“When all the costs go up and the top line falls, the impact is a lot stronger. While the impact in 2009 was also a 20-25% drop, at that time, cost of running those operations was much lower than what it is today. SARS, we obviously knew, was not going to last forever. It lasted 4 months, and the aftereffects about 4-6 months. This time, we cannot predict when this all ends, how long and far the downward spiral will continue to be.”
While tourist numbers east and west have dwindled, the amount of local diners has not been too impressive either. “They have become a lot more cautious as well. They aren’t going out as much. When the stock market goes down, there is a ripple effect. Everybody starts to just take note of the fact that things are not that great,” says Sekhri.
Some friends in the finance industry have told him stories of cut perks and much less spending freedom. Business is down for taxi drivers as well. While sales of luxury goods such as watches and jewellery are significantly lower, the Retail Management Association has reported that even supermarkets selling basic food items are at a decline.
Faith in the Future
Although highly discouraging, Sandeep maintains a belief in the city’s resilience. “You know I’ve been in Hong Kong 25 years, I’ve seen five of these cycles. You just have to hold yourself firm and weather storm. You have to stick to your basics, look after the guests who walk into your restaurant, keep your costs in check and before you know it, it will be good times again. Hong Kong bounces back very quickly.”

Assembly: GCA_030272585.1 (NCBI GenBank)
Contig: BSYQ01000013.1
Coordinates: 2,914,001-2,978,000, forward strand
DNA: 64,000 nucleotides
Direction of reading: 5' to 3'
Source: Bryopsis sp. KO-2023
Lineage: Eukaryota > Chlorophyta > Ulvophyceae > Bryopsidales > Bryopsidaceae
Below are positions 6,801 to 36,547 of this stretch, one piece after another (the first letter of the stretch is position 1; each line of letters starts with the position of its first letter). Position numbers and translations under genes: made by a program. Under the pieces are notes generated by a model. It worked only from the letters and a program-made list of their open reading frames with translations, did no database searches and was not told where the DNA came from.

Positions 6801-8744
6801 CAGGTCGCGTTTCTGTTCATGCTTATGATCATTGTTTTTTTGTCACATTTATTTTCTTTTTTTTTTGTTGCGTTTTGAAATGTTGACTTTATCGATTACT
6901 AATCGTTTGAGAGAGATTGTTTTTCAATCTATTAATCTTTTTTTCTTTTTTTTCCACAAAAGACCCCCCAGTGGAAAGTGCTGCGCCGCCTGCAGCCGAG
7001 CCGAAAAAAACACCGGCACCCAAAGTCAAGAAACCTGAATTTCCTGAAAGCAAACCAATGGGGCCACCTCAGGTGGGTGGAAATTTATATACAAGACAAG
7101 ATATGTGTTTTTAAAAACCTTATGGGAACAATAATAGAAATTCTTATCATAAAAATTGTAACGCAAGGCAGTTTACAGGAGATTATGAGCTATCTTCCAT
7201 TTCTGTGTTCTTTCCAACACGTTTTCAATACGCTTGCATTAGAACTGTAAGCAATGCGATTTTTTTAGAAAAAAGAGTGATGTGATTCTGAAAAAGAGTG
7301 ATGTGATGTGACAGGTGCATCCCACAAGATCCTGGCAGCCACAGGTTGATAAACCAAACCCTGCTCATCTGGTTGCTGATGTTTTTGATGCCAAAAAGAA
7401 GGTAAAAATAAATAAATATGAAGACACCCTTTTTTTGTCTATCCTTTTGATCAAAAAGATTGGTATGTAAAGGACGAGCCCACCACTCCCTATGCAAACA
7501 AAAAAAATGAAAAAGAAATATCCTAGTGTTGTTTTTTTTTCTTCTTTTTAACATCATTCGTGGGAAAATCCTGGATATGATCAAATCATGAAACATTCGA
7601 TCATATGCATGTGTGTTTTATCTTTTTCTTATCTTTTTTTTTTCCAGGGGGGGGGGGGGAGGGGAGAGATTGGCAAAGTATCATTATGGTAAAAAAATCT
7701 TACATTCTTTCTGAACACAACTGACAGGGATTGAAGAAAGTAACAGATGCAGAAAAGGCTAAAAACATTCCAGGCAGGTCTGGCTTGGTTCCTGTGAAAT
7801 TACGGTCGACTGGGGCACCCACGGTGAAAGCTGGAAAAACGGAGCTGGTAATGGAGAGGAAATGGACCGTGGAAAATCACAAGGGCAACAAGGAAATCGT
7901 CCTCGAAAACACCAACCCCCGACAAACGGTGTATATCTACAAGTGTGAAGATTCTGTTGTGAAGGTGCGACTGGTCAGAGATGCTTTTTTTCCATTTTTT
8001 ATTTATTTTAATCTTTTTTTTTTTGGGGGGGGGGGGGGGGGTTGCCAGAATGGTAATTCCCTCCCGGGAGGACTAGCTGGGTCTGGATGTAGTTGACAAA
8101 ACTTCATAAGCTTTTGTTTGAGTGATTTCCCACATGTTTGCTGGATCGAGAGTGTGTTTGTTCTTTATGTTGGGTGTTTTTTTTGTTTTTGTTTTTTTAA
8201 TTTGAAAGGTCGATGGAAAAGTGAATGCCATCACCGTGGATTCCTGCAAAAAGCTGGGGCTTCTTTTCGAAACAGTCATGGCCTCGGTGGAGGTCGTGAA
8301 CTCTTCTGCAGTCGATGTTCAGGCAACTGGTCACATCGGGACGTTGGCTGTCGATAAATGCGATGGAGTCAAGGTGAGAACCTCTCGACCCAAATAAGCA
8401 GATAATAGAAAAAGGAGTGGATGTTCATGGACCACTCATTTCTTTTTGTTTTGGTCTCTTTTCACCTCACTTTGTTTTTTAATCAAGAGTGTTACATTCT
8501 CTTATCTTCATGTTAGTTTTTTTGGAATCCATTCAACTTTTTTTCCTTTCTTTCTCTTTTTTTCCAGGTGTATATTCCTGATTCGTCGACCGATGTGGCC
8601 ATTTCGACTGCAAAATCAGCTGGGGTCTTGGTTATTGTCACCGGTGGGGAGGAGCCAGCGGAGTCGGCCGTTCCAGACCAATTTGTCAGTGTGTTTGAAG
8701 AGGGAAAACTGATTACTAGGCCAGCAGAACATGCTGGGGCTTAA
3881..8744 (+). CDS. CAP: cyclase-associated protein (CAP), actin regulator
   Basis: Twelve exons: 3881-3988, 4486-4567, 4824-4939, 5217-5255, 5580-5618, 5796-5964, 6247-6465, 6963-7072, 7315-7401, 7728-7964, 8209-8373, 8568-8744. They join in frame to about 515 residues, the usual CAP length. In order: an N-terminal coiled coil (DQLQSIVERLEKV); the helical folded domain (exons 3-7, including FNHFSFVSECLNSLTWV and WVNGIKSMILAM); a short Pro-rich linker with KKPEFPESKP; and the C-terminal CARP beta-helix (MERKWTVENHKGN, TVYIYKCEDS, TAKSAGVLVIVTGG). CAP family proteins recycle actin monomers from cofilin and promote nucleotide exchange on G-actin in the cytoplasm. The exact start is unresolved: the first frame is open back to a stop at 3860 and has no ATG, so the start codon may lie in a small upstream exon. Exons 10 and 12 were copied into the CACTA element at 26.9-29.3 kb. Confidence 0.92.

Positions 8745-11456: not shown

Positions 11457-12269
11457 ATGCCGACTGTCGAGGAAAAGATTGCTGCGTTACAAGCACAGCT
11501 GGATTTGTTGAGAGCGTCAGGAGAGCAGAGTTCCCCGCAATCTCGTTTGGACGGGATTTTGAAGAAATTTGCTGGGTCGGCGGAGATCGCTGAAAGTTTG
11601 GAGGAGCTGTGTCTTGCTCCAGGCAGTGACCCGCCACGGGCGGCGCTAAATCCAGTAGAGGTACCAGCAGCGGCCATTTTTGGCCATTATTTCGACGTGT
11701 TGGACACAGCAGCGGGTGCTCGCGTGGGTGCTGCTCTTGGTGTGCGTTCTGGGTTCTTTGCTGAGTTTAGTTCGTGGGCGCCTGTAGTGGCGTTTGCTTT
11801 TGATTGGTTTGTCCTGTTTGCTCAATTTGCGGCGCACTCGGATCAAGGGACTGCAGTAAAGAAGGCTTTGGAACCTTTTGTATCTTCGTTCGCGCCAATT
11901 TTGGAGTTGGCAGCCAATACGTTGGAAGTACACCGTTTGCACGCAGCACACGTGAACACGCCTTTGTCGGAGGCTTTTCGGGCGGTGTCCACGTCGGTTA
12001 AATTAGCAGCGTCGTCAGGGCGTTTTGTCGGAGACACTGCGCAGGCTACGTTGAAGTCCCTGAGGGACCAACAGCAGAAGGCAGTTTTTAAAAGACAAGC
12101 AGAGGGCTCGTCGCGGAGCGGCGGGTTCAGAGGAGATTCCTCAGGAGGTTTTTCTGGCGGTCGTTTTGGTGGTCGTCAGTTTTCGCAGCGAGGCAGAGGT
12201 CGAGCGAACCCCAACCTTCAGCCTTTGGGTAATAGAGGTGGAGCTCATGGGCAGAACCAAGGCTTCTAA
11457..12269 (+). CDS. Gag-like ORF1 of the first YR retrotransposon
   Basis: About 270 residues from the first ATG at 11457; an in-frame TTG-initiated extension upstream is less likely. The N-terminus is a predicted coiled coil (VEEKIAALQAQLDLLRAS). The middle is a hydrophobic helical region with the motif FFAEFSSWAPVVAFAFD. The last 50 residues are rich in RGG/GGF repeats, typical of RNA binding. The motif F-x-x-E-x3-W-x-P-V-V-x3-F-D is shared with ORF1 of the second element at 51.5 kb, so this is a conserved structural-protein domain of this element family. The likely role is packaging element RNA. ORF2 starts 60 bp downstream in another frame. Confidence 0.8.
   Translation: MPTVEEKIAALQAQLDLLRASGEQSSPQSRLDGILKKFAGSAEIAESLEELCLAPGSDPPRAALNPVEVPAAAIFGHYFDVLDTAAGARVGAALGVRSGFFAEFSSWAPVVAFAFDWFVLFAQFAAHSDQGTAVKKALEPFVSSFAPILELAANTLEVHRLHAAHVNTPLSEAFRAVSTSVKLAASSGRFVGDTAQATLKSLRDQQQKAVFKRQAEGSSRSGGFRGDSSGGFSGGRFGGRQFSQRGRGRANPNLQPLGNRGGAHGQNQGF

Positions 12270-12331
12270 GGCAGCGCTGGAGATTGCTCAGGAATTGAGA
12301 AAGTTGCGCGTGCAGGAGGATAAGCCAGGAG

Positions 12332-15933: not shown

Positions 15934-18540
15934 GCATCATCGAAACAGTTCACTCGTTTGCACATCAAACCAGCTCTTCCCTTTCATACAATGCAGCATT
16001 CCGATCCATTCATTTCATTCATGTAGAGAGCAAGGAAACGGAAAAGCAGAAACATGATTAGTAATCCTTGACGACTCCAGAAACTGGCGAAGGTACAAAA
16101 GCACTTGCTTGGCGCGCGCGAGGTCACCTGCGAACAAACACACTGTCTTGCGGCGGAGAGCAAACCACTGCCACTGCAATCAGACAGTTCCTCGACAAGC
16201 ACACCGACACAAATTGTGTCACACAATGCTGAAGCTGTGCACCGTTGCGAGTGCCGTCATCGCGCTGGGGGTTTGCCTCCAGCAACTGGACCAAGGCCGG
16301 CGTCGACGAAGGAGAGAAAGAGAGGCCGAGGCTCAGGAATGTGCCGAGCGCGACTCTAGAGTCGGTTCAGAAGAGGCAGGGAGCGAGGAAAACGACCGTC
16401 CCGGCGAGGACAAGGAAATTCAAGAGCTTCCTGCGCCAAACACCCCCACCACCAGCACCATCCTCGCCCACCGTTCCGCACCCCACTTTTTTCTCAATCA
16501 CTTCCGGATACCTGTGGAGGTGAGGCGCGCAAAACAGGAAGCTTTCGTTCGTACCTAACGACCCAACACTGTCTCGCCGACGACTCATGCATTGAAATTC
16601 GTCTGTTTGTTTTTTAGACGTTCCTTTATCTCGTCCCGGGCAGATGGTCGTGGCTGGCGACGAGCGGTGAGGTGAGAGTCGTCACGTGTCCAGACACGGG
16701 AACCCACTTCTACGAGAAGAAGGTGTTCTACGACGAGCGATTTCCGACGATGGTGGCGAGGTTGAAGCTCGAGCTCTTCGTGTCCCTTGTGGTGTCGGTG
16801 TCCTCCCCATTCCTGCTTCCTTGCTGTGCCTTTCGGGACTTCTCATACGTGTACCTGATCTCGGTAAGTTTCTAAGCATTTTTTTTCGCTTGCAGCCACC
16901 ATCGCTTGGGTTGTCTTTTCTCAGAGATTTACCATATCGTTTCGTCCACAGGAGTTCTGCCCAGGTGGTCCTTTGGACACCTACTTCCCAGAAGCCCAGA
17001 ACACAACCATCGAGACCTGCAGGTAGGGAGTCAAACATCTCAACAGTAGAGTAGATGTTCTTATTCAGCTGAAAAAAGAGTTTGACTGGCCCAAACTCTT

This however entails some adjustment. “We’ve become a lot more cautious of what’s going on around us,” says Sekhri. “We try not to be too extravagant and take too many risks, but we are still doing new openings and launching more projects. We are definitely able to negotiate slightly better with our landlords today than we were last year. We have seen a softness in terms of landlords’ hold on properties. It has definitely helped.
“The great thing about the restaurant business is that people still have to go out and eat. Hong Kong people love to experience new things. There’s always a silver lining with each type of business. Each industry has its own peculiarity.”
Dining Concepts has been growing consistently. In addition to London House, the first of the famous Belgian café chain Le Pain Quotidien’s three Hong Kong locations is nearing its launch date. Dining Concepts is looking at opening new offerings under the name of celebrity chef Gordon Ramsey in the very near future.
Throughout this, the company is in the process of consolidating some of its older establishments. “There is a finite lifespan for every concept or location,” says Sekhri. “It can’t just go on forever; there are very few concepts that are timeless. We have squeezed the most out of those locations for the last 10 to 12 years. SoHo for example was great until five years ago, but it has been on a steady decline. You have to keep evolving with the market, and make a commercial decision. That is the key in what we do: moving with the times.